JV: I hope you’ll let us know when it’s done.
Terry: Oh I certainly will. There’s another program I work with as well. When all the production orders come down to you and end up in your inbox, you can save that production order into a folder either on a network or on your local computer — whatever your resources are at your station or your group. Then I use a program that indexes. This program is called X1 and it monitors a particular folder, like for example the folder where I put the electronic production orders. It monitors everything that goes into that folder and memorizes the title you give it AND the content of that form. So if somebody types in cart number C4246 on the production order, X1 will remember that C4246 is located on this file. And it does it as fast as you can type it. It’s instant. For example, a salesperson says, “Hey, remember that spot we did two weeks ago, I think you called it Temporary Sale?” I can just type in temporary sale, and as I’m typing, it’s narrowing down the options to where it finally is. And I can actually look at the production order that they gave me two weeks ago and say, “Yeah, you turned that production order in on the 29th and said, this and this and this, and the spot is located here.”

JV: Is this more freeware?
Terry: No, it’s not. This is something I resell actually, and it’s about $100. And it’s simply one of the most amazing programs I’ve ever seen for Windows-based computers. Simply amazing.

JV: Have any problems come up since you’ve installed this system?
Terry: Periodically email systems will crash as they do. We’ve been using this system since September of 2003, and our email crashed last week, as a matter of fact, for the first time. It was down for about two hours. But it doesn’t matter because when it comes back up, all the emails come through. So we didn’t lose a single PO.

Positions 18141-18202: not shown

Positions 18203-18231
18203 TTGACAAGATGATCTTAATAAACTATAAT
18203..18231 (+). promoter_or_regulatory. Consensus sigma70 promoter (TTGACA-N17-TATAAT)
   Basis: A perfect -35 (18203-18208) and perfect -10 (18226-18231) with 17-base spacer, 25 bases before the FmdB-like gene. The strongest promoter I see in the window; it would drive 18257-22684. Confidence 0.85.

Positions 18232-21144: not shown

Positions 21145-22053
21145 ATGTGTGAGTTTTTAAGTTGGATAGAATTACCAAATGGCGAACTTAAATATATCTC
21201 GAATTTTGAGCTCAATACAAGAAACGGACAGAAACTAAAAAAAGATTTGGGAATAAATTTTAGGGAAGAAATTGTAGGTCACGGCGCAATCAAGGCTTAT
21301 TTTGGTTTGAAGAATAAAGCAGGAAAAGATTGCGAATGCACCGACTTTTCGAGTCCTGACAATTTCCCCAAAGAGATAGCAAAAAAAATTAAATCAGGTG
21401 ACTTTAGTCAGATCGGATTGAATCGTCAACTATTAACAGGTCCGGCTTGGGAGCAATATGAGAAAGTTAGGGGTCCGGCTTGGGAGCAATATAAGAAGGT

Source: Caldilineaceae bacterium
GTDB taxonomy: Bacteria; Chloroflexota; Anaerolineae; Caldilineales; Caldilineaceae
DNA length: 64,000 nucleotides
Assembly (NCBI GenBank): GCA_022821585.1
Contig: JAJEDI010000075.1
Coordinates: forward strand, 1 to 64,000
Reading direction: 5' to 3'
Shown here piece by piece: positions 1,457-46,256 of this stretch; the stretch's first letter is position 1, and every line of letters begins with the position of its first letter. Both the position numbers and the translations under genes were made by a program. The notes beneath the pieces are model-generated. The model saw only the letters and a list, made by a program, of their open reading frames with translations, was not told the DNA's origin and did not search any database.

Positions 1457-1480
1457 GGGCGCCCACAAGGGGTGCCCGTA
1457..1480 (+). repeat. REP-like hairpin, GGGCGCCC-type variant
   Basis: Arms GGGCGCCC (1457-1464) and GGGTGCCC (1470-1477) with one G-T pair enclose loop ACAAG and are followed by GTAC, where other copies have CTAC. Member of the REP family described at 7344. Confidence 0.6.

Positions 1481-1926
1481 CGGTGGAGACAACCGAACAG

Having all these emails really helps. For example, people sometimes, unintentionally I’m sure, will say they turned something in when they actually haven’t. I’d say, “Well, I don’t have it here in my emails.” And they go, “Well you better ask traffic,” and traffic will look and go, “No, I never got it.” And then they’ll say, “Oh, then I must not have sent it.” It’s nice not having that argument anymore. I mean, you have proof. You did not send it. Sorry.

Many times we’ve all been called into the General Manager’s office because of an argument between sales and production, an argument that there is no proof for anymore, and it’s all my opinion versus your opinion. Now everything is documented, and if you have an issue with a particular individual who’s been filling out production orders incorrectly or poorly or anything like that, you simply take that production order that was sent to you and forward it on to your General Manager and say, “Look, this is what they sent me.” And you can even set up your emails to automatically reply when they’ve read it, and it tells you what time they read it and everything. So if you have copy deadlines of 2:00 the day before, and they send it at 2:30, the email is going to tell you… it was sent at 2:30. You really didn’t meet the deadline. I’m sorry. Right there, you don’t have that argument anymore, so it saves you a lot of time.

And we’re not talking about using anything you don’t already have for the most part. I mean, you can implement this system simply using an electronic production order and email, which I believe most radio groups have. If you don’t have email, you’re not receiving spots from national agencies.

Audio

  • The R.A.P. Cassette - August 1992

    Demo from interview subject Mark Margulies and BENMARadio plus featured work from Joel Moss/WEBN, Donnie Marion/KRBE, Eric Chase/WEBN, David...